ICD-10 is probably the biggest change the healthcare industry has faced since the Healthcare Insurance Portability and Accountability Act of 1996 (HIPAA). It affects any HIPAA-covered entity and increases the current diagnosis codes from about 14,000 to nearly 70,000.
Because this is a coding change, it would be easy to think that the ones who need training are just coders and billers. But this would be a mistake. ICD-10 affects virtually everyone in the practice in some way. It’s important to understand how ICD-10 will affect each role and then plan training accordingly.
Here’s an overview of how ICD-10 affects each role and what to look for in training.
Need to understand changes to documentation, coding, and EHR. May need some specialty coding training, documentation improvement training, and training on software upgrades. Look to medical society and software vendors. If documentation is a significant problem, consider hiring a documentation improvement specialist to work with the provider. Poor documentation could cause problems with completing accurate claims and might increase denials.
The person is this role may have to update procedures, policies, and forms as well as supporting coders and billers. This person is also likely to be responsible for budgeting and managing the schedules for others who need training. Look to practice management societies for training resources as well as software vendors and payers.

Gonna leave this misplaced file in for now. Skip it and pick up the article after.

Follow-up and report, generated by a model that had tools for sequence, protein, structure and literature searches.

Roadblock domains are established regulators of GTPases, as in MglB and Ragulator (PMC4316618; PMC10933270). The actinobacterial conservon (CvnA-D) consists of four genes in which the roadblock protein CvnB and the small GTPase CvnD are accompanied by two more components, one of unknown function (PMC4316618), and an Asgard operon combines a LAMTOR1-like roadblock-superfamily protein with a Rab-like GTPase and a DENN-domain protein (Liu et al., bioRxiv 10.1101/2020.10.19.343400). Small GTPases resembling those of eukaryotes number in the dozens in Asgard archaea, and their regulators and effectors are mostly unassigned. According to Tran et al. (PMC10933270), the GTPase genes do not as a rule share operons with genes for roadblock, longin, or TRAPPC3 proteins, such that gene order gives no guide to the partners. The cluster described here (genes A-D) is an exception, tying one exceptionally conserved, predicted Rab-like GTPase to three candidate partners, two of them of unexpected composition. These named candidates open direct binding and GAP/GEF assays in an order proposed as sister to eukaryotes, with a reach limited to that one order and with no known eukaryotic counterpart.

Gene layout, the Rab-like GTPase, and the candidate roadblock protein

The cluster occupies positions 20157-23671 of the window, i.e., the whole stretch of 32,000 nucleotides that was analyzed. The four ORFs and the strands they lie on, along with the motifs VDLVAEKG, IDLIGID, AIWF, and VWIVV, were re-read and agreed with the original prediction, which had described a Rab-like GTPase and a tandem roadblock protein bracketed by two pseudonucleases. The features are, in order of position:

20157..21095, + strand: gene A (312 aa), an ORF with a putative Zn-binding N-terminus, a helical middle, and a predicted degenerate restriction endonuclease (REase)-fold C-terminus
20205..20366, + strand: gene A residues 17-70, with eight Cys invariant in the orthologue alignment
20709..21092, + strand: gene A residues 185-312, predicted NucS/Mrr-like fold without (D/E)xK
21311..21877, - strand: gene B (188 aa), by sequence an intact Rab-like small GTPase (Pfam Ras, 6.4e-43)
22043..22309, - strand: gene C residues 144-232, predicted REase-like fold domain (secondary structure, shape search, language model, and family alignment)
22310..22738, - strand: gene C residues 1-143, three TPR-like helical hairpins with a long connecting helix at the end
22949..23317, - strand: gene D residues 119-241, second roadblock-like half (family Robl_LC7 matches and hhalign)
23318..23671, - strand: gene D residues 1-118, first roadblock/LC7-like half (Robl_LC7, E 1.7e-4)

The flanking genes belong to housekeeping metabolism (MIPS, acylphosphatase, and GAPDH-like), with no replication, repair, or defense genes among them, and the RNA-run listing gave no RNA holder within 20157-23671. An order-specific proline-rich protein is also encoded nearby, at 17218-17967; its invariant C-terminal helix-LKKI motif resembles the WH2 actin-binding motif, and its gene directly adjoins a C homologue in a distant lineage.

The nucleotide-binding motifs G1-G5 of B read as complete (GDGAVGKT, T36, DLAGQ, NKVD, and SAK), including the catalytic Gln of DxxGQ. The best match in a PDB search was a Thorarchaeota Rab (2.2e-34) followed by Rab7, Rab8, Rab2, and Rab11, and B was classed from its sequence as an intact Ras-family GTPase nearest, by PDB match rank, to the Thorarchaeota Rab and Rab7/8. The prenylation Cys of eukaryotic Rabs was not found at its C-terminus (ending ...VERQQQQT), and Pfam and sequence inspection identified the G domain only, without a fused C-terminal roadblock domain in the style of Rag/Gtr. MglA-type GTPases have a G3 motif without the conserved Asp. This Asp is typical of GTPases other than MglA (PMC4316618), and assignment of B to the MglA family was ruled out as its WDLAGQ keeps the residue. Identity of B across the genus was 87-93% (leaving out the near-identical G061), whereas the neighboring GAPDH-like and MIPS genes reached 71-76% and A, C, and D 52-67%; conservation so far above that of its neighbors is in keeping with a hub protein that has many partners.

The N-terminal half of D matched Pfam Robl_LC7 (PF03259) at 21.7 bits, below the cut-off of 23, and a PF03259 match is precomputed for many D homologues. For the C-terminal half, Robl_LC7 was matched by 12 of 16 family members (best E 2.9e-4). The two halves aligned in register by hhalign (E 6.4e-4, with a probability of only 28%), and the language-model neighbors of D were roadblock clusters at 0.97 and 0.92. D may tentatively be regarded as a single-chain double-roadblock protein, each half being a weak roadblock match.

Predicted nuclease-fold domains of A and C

Billers and coders
Billers and coders will likely need the deepest overall knowledge of ICD-10. Those who are certified will need to update certification through a full certification training.
Front desk, MAs, nurses, etc.
To support providers with patient documentation and support billers and coders with pre-authorizations and patient collections, these staff members need a basic knowledge of ICD-10.
Training can range from very basic and free to much more in depth. For most staff a few hours up to a full day training online or in person will be sufficient. These can range from $200 – 500 and often include books. For certified billers and coders training will generally be in person for two to three days and cost up to $2500.
For smaller practices with limited resources, all of these options may not make sense. If you have a front desk person, a biller, and a nurse, choose one person who can get trained —probably the person who needs the most in depth training—and then come back and train the others. If you have a larger staff, it may make sense to send multiple people.
Planning for ICD-10 training should begin as soon as possible. Not only does this give staff members more time to adjust to the new code set, but it also helps to mitigate any productivity losses during the training period. Training can be incremental and staggered so as not to affect daily responsibilities.